To the maintainers of platforms, developers can sometimes seem like living, breathing chaos monkeys, forever poking new holes into the infrastructure in enthusiastic, and sometimes utterly novel, ways.
“Passionate people try to use platforms in creative and unique ways,” admitted Charity Majors, who was the infrastructure tech lead of the Parse mobile platform, a technology that ultimately was acquired by Facebook. “The greatest source of chaos in the galaxy are humans, right?”
In this episode of The New Stack @ Scale podcast, Majors was interviewed by The New Stack founder Alex Williams and Fredric Paul, editor-in-chief at New Relic. They are joined by Tori Wieldt, a developer advocate for New Relic. They discuss the powers — and the limitations — of extensive application monitoring, and the immense benefits it can bring to support engineers of platform providers.
Like any good platform provider, Parse would have engineers on duty to debug customer issues, which could range anywhere from deep infrastructure bugs to the customer’s WiFi not working. As Parse became home to about a 100,000 applications, the time it took to solve issues spiraled out of control.
“They were all different,” Majors said of the trouble tickets coming in. Company engineers were “starting from scratch for every single one, trying to figure out what [the customer’s] experience is. Engineers get really burned out when they are trying to track down things that are very difficult and time-consuming.”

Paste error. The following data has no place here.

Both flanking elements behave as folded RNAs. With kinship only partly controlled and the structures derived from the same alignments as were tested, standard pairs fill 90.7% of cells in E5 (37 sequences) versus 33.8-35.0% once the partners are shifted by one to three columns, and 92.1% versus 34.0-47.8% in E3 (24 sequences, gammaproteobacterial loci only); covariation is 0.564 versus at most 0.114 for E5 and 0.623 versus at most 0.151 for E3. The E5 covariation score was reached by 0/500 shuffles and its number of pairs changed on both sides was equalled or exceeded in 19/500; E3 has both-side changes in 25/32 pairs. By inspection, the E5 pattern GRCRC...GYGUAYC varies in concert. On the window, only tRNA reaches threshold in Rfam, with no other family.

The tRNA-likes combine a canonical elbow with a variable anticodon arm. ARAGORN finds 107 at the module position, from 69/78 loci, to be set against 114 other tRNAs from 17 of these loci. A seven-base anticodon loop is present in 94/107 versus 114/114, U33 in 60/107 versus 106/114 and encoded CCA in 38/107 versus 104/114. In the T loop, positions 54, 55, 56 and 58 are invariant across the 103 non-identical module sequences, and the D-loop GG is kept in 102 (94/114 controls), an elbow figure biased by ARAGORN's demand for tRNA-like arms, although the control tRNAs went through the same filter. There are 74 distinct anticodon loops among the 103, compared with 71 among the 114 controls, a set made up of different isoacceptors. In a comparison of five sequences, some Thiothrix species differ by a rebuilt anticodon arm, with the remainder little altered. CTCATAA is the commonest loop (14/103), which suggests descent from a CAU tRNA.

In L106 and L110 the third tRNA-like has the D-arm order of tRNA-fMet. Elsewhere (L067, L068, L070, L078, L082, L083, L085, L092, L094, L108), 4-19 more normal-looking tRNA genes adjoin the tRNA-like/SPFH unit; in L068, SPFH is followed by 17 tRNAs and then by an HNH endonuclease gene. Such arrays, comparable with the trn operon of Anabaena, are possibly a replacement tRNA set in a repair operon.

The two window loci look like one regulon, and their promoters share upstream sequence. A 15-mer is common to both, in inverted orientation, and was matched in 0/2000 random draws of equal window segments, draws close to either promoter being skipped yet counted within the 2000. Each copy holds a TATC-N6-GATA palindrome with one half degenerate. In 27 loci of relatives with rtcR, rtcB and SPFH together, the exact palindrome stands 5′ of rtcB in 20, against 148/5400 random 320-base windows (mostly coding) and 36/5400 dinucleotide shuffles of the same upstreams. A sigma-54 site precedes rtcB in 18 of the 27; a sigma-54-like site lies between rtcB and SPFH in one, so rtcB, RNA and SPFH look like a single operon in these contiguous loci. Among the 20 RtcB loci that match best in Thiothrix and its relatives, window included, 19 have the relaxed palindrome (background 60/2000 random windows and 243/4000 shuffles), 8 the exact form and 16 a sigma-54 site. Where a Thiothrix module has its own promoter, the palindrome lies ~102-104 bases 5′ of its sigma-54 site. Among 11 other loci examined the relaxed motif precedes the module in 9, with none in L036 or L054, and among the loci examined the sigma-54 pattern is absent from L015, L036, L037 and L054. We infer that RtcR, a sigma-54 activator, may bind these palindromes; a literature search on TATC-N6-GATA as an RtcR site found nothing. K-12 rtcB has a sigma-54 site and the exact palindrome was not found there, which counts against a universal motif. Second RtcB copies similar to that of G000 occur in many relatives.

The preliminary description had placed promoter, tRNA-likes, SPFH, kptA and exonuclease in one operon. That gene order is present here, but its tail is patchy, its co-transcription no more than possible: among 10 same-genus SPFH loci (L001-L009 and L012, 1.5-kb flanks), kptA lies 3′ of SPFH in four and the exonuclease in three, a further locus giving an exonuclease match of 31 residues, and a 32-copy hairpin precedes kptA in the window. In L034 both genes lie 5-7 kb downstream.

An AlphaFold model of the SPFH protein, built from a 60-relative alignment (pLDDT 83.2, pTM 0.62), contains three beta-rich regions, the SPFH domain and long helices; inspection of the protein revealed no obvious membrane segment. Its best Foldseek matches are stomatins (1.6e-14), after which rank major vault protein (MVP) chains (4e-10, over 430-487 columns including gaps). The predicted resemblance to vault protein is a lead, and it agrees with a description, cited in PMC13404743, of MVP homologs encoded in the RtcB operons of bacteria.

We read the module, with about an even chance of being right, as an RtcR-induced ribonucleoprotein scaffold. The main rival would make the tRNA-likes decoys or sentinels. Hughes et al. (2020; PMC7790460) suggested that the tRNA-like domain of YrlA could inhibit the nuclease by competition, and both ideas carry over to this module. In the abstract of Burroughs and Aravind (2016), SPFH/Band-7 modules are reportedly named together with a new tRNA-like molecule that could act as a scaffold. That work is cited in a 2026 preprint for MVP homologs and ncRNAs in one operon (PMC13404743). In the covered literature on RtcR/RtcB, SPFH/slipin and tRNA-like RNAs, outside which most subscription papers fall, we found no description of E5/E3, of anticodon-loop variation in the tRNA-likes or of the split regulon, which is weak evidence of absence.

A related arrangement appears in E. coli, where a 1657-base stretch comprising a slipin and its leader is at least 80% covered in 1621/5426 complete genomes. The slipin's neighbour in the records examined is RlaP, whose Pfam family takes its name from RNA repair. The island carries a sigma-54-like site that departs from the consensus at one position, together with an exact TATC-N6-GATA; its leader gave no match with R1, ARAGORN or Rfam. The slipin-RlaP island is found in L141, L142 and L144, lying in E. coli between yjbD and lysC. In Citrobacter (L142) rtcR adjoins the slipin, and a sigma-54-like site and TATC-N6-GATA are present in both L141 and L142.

When Parse was purchased by Facebook, however, the engineers could avail themselves with the social networking giant’s own Scuba monitoring tool, and that made quite a difference.
“This was literally life-changing for us,” Majors said. “If we couldn’t figure out what the root cause was, we just started dropping in key-value pairs, and you could immediately search on them, and aggregate on any dimension.”
The average mean time of diagnosing a serious problem went from “hours to impossible” to somewhere around three to ten minutes, Majors said.
Still, even at its best, monitoring has its limits.
“Everybody wants a silver bullet. They want New Relic not only to monitor, but they want it to predict and fix. That just doesn’t exist yet. If that were easy, it would already be an app on your phone, and I would be working somewhere else,” Wieldt said. “It takes investment of time. Look at the stuff while it’s running, not when it is an emergency.”
New Relic is a sponsor of The New Stack.
Feature image via Pixabay.